I have a probably stupid question about assembling ventilation pipe for a cooker hood.

I want to vent my cooker hood through the eaves rather than go through the roof as I suspect it's cheaper, less effort and less visually disruptive.

This is in a relatively modern extension of a circa 190 year old traditional stone and slate property.

I could core through the bricks, but I thought that was a more difficult job with the most scope for damage.

The hood has max flowrate at 386m^3/h so a bit of research suggests I can get away with 5"/125mm (or equivalent flat channel).

It's a tight squeeze, so I was thinking of using some flat channel to exit the eaves, which look like: enter image description here

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I was looking at the Manrose catalogue and I can't work out what I need to terminate the flat channel? Can you just cut a hole, use one of the grilles and place the flat channel up against it? Not sure how it connects - if indeed it does.

I know there are 'airbricks' that look like a 'connectable' thing, but I don't have much vertical leeway - just 6cm at the outside edge.

A am thinking of using a flexible or 45 degree flat channel connector at the left hand side is what I was thinking, just not sure if it has to go through an airbrick or can just poke into the 2cm wood of the eave (at number 9 above).

Hope that makes sense - I wish I had a selection of parts to 'play' with to see how these could fit together.

I have a toolstation, wickes, b&q and screwfix handy.

Thanks for any pointers!

  • Is there a damper somewhere that is going to keep outside air from blowing back in? Don't forget about that.
    – JPhi1618
    Commented Dec 2, 2019 at 21:40
  • There is nothing yet, just a cooker hood. Thanks for the tip.
    – Kenny
    Commented Dec 3, 2019 at 21:59

1 Answer 1


Trouble is, the air is laden with moisture and will billow up around the outlet (whatever you use). This might cause staining, and even eventual rot.

Some of the roof tile vents are very neat and small these days (making assumptions here re. your tile type!) and run the pipe up to that? Best long term option.

Also, I'd try to run an insulated pipe (or surround the flat pipe with fiberglass) between the ceiling and the vent. Otherwise the hot air can condense on the sides of the cold pipe in the attic and run back.

If you must fit a plastic vent terminal, make sure it's well sealed to the eaves material to stop moisture laden air getting back into the attic (difficult if there are strip vents for the attic in the soffit or fascia board).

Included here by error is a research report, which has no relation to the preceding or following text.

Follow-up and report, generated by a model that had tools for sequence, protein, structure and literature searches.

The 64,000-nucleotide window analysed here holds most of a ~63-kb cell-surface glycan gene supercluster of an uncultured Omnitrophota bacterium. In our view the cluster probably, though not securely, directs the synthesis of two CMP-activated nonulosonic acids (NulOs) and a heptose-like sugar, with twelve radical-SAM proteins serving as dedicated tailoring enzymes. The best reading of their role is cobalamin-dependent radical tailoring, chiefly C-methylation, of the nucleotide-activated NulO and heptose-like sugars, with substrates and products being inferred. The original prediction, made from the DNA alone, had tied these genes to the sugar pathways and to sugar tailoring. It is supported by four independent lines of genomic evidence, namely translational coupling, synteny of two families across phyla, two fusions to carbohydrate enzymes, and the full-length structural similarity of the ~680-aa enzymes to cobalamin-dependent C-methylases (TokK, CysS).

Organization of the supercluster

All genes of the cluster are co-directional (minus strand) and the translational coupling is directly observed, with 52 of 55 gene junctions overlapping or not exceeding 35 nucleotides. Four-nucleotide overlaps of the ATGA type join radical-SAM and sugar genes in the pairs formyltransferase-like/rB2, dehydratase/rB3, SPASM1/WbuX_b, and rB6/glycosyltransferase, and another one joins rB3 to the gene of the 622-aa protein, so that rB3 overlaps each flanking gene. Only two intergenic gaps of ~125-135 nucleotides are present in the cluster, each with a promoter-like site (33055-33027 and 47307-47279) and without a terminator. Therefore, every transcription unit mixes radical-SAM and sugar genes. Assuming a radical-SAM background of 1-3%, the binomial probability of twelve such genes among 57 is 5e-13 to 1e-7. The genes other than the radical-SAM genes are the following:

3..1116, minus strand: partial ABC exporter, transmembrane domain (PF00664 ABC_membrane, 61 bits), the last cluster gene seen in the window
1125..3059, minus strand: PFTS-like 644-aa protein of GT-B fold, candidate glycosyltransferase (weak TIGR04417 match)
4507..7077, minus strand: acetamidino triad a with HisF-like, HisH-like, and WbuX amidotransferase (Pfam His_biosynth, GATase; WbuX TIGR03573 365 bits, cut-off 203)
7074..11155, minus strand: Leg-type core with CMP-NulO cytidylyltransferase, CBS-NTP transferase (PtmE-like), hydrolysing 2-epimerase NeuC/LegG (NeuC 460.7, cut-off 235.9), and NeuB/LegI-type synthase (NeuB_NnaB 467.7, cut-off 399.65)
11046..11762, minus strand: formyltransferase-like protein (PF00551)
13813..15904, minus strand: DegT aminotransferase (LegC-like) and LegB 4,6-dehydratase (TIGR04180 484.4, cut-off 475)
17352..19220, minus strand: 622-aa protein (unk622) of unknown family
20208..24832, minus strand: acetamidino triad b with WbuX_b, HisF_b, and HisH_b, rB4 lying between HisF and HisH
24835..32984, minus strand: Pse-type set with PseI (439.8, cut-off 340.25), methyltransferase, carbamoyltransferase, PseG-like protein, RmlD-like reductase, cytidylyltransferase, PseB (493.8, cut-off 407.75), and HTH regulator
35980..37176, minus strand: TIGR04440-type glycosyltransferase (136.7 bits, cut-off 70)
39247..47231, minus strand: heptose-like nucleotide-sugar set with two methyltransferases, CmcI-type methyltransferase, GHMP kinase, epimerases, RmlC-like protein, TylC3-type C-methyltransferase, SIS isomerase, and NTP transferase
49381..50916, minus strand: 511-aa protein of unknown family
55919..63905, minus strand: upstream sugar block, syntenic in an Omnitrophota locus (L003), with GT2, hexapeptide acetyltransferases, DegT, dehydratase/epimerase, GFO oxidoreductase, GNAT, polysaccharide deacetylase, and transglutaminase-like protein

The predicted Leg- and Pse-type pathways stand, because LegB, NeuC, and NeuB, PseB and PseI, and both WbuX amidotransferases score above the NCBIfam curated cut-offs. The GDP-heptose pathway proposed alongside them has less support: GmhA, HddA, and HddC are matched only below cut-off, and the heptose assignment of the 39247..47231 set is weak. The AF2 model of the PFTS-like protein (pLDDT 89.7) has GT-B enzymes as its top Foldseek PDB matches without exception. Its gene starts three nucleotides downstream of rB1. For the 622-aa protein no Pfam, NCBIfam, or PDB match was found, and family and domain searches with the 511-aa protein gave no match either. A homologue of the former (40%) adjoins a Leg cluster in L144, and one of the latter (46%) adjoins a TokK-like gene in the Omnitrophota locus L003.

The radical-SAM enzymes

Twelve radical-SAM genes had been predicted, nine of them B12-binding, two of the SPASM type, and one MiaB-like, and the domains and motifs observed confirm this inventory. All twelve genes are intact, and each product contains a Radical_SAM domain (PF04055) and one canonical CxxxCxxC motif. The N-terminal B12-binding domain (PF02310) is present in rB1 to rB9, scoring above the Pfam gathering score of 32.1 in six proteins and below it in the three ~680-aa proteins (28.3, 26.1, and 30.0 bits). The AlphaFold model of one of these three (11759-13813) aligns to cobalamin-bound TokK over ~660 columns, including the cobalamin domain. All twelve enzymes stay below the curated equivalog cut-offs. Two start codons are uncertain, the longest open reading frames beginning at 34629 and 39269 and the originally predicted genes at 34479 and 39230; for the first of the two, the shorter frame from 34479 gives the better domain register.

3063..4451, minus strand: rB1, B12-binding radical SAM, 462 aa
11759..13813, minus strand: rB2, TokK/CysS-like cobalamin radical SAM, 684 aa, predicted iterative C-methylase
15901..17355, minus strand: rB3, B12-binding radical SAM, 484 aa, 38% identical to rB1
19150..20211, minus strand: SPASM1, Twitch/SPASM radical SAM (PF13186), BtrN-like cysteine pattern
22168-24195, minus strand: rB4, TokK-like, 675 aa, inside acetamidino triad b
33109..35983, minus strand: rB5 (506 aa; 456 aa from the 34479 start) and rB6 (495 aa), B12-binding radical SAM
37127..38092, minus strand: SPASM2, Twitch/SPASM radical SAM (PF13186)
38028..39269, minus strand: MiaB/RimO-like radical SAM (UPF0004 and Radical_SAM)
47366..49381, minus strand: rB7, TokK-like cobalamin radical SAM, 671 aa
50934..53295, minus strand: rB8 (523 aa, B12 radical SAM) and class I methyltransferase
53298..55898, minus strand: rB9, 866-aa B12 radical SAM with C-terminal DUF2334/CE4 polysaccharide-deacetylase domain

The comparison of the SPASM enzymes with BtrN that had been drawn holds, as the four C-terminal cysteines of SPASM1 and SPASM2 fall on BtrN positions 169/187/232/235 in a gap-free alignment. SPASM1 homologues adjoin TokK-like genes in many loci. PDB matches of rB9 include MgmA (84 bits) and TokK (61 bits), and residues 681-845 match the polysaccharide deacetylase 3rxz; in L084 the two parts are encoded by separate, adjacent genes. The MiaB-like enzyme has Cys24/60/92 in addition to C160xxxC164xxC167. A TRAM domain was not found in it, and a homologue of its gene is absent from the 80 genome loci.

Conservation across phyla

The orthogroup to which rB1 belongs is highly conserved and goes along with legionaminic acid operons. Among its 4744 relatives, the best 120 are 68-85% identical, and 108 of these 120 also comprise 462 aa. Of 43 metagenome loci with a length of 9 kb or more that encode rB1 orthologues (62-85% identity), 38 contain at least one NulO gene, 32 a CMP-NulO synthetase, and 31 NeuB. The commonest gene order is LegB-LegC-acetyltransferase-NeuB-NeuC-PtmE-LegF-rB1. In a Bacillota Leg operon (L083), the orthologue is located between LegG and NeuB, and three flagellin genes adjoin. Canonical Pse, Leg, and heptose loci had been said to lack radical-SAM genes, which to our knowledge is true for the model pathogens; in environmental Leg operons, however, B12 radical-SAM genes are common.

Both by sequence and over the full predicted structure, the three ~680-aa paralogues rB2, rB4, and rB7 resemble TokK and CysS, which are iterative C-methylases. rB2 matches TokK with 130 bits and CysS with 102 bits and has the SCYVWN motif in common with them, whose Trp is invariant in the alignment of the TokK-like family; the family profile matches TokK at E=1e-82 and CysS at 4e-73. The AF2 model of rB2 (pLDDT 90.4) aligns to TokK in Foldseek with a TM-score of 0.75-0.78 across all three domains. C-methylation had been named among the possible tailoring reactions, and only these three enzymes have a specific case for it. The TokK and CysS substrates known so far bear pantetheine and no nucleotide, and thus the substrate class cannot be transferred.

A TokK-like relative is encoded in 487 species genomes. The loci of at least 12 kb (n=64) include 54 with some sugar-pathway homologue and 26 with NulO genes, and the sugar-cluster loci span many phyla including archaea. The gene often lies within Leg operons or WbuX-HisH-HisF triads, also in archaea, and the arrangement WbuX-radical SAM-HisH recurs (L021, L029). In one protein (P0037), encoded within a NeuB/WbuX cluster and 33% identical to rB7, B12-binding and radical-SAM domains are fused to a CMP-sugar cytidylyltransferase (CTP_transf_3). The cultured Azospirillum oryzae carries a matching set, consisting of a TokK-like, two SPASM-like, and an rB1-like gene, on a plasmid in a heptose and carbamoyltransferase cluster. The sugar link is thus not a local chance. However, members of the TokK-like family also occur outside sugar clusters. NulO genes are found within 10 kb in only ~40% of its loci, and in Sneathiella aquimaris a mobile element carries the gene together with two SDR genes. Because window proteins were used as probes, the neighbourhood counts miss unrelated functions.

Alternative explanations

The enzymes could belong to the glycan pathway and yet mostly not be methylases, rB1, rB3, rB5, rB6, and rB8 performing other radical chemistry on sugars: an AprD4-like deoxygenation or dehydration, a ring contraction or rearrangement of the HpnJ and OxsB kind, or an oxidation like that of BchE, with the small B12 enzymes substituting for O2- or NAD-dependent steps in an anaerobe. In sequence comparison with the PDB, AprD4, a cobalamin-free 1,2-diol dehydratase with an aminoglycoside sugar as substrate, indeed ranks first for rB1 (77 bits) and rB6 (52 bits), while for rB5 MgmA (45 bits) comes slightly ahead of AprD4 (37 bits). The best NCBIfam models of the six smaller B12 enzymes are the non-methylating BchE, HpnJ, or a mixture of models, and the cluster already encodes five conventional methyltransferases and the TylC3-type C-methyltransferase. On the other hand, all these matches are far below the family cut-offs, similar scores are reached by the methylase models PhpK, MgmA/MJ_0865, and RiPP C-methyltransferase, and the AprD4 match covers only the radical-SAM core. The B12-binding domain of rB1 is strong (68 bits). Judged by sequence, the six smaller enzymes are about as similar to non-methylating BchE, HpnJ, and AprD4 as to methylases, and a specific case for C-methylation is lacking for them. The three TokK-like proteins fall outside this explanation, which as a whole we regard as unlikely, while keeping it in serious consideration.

You could consider fitting the vent into a square of metal or plastic to protect the eaves material. I've used white perspex for this in the past.

Update In light of the better photos and your note about being willing to drill a hole. I'll amend my advice. Go for the core drill. It's always preferable to installing in the eaves or the roof for future maintenance reasons. Plus it's usually the shortest distance from the unit to the vent which is best.

Plus, a vent in a plastic pipe fitted through a solid wall is virtually maintenance free by comparison.

You're unlikely to run into a problem drilling a core hole through old brickwork. You'll need to hire a large special drill and corresponding core bit for best results. You can chain stitch a hole using a regular SDS drill bit and then chop out the core but this is likely to damage the wall and/or plasterwork internally.

Core drills form extremely neat holes. But you must have a stable platform to drill from. The drills are large and the large size of the core bit means you need to be able to hold the drill very securely as they can snatch a little, especially if you're not holding it properly.

Pick up your vent parts first, especially the plastic 'drain' pipe which will go through the wall. Core bits come in various close sizes; 100mm 115mm 127mm etc. etc.

  • 1
    Thanks. It's a slate tiled roof - I've added a picture to the post above. Is a roof vent install reversible? Aren't they expensive? It's certainly possible - I'm very wary of touching a roof as a non-expert given they are so important. It's something I've never dealt with and is so critical. Things that make me wary: * I don't know how slates are held in. * I wouldn't know how to remove slates without causing damage. * I don't know how to make sure the overall install doesn't leak. I wouldn't know what to remove in what sequence and what to lay on what to do a roof vent install.
    – Kenny
    Commented Dec 3, 2019 at 22:46
  • Oh wow, some of these are cheaper than I thought, and look much much better than what's currently installed. I am tempted to replace the existing bathroom vent with a low profile roof tile vent! Thanks!
    – Kenny
    Commented Dec 3, 2019 at 22:56
  • For sure, slate is the 'worst' to remove and if they are old, I'm not sure I'd recommend this method. I was hoping you had easy to remove concrete tiles. Maybe a close up of the eaves would help too...
    – handyman
    Commented Dec 5, 2019 at 0:02
  • 1
    I've added some more pictures. The slates are on a "modern" extension onto a 190 year old traditional property, so I'm only working on the modern bit, thankfully. I can't date it, but it can't be very old. If coring through the walls is easiest, I could be convinced! Just looking for lowest effort with least scope for things going wrong.
    – Kenny
    Commented Dec 14, 2019 at 7:18
  • Go with the core drill. I updated my answer above...
    – handyman
    Commented Dec 15, 2019 at 13:34

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